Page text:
If so, you'd never have that on a single carriageway, it'd always be built as a regular junction (either give way or stop). You'd only see that design as a merge on a dual carriageway, even then, I don't believe they're particularly common, if used at all. Though I suppose there's an oddball, one-way street somewhere that says otherwise. But I'm assuming we're talking about a road with two directions of flow as opposed to a one-way road.

Or are you talking about merging from the right, but signaling left to show you're going to stay in the left lane? Which, if that is the case, only if you're turning off.
Last edited by TheMcSame; 1 week ago
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vivkulh
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(Original post by TheMcSame)
It is very rare to come across a single carriageway with a dual carriageway-like merge.
Think you can give us a quick drawing of what you're trying to describe? Is it something like this one on the right?

Image
Wow, that's a really good visualization. Thanks for the elaborate answer!
As you guessed, I was talking about the second case. Now it is clear that the single-carriageway is always a regular junction (either give way or stop), rather than some merging type junction.
Does it also mean we can emerge right on to the single carriageway (as there is no central reservation).
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TheMcSame
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(Original post by vivkulh)
Does it also mean we can emerge right on to the single carriageway (as there is no central reservation).
So much like that example but with a slip-road of sorts coming in from the left?

I mean, there's nothing about the theory that says it couldn't be done. But in practice, it's pretty unusual to have different single carriageway roads that merge like a sliproad onto a dual carriageway. The only time I've seen single carriageway roads merge like that in any sort of similar fashion is when you've got a road that essentially runs alongside and turns off after a short distance.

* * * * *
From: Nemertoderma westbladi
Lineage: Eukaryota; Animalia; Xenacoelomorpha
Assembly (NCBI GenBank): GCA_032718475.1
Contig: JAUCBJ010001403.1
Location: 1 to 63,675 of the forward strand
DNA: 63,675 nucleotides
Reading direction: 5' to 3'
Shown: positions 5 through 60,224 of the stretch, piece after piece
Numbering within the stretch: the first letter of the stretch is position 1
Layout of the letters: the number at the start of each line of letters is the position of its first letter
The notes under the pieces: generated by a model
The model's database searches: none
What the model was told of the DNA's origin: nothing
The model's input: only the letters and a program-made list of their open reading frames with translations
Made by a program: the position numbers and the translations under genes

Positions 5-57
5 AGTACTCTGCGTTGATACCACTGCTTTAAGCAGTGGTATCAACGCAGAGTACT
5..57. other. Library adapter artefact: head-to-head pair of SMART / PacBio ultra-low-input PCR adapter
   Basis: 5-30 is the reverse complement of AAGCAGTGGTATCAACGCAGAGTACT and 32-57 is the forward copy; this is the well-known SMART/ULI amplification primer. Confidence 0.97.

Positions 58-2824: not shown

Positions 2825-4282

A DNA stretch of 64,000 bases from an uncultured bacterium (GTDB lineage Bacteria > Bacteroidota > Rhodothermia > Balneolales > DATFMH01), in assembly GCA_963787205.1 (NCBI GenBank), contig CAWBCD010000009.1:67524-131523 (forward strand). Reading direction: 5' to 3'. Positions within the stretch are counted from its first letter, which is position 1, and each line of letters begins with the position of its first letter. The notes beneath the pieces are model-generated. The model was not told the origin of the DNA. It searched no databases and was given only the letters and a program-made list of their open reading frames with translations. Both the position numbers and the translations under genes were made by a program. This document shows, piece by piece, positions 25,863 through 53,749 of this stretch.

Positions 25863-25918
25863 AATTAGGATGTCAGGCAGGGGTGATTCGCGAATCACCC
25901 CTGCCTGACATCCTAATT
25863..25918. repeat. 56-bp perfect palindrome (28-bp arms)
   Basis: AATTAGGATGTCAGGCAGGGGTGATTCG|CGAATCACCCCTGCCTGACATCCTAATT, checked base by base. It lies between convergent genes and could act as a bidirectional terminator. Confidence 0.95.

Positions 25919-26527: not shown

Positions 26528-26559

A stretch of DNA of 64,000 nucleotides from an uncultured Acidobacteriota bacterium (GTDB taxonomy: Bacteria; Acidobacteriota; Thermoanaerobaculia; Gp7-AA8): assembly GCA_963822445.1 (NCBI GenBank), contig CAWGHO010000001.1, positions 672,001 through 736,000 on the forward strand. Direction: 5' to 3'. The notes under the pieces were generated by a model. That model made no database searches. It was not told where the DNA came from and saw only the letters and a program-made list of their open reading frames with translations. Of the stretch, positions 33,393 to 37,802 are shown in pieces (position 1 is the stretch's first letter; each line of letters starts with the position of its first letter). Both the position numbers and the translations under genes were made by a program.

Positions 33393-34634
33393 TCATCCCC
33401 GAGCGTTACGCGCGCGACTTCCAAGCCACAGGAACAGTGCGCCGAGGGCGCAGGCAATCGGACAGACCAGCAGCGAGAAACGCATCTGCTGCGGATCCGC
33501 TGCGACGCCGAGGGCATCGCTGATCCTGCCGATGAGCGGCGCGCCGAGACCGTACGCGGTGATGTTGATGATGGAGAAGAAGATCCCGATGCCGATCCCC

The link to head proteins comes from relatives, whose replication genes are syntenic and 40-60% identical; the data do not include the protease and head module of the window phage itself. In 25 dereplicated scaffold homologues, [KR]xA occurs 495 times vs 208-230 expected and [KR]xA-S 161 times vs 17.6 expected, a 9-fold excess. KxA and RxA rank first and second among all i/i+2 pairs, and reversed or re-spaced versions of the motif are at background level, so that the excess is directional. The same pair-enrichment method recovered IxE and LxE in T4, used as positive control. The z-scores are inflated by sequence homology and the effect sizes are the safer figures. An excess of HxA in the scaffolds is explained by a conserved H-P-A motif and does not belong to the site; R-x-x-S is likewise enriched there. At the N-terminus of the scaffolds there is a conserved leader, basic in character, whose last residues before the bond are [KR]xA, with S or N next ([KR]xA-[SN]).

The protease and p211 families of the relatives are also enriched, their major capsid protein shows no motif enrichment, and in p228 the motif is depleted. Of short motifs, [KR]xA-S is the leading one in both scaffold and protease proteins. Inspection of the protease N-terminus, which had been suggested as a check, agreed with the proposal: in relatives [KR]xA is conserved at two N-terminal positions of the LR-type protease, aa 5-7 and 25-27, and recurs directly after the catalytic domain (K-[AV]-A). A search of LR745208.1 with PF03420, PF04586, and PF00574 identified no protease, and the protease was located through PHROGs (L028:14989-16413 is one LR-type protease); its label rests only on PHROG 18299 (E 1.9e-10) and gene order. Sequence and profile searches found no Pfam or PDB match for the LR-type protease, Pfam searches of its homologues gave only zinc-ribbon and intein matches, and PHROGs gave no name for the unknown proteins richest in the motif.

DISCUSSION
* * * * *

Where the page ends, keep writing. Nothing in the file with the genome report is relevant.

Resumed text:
A pretty clear example I know of would be where the A38 and A516 meet in Derby, it's a dual carriageway but it shows the general idea of what I'm talking about. The A516 and A38 are joined, with 2 lanes for the A38 and 1 for the A516 on the far left which joins into it's own lane, then turns off a short distance down the road.

You do occasionally get things like that on single carriageway roads, for example, there's one in Mansfield where Walkden Street meets Quaker Way, but the far left lane is more for going straight around to Union Street rather than merging onto Quaker way. Though this is also a one-way system, not a dual flow road.

If I've again got the right idea in my head, I'd suspect you'd struggle to find an example of something like that on a dual flow, single carriageway outside of a city or town. Though I'd suspect their purpose is for traffic flow entirely rather than merging onto another road.
Last edited by TheMcSame; 1 week ago
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RogerOxon
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(Original post by vivkulh)
I haven't found it even after an hour of searching on internet.

To join dual carriageway, we have to signal right. Is it also the case while joining the single carriageway? or should we use left signal for it. Or does it depend on the type of the central line on single carriageway? Thank you!
It depends whether it's an acceleration lane, or a junction.
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parmezanne
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(Original post by TheMcSame)
Image
the drawing....

i can seriously appreciate the effort!!
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vivkulh
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(Original post by TheMcSame)
A pretty clear example I know of would be where the A38 and A516 meet in Derby, it's a dual carriageway but it shows the general idea of what I'm talking about. The A516 and A38 are joined, with 2 lanes for the A38 and 1 for the A516 on the far left which joins into it's own lane, then turns off a short distance down the road.
Thanks for the examples, it was really helpful.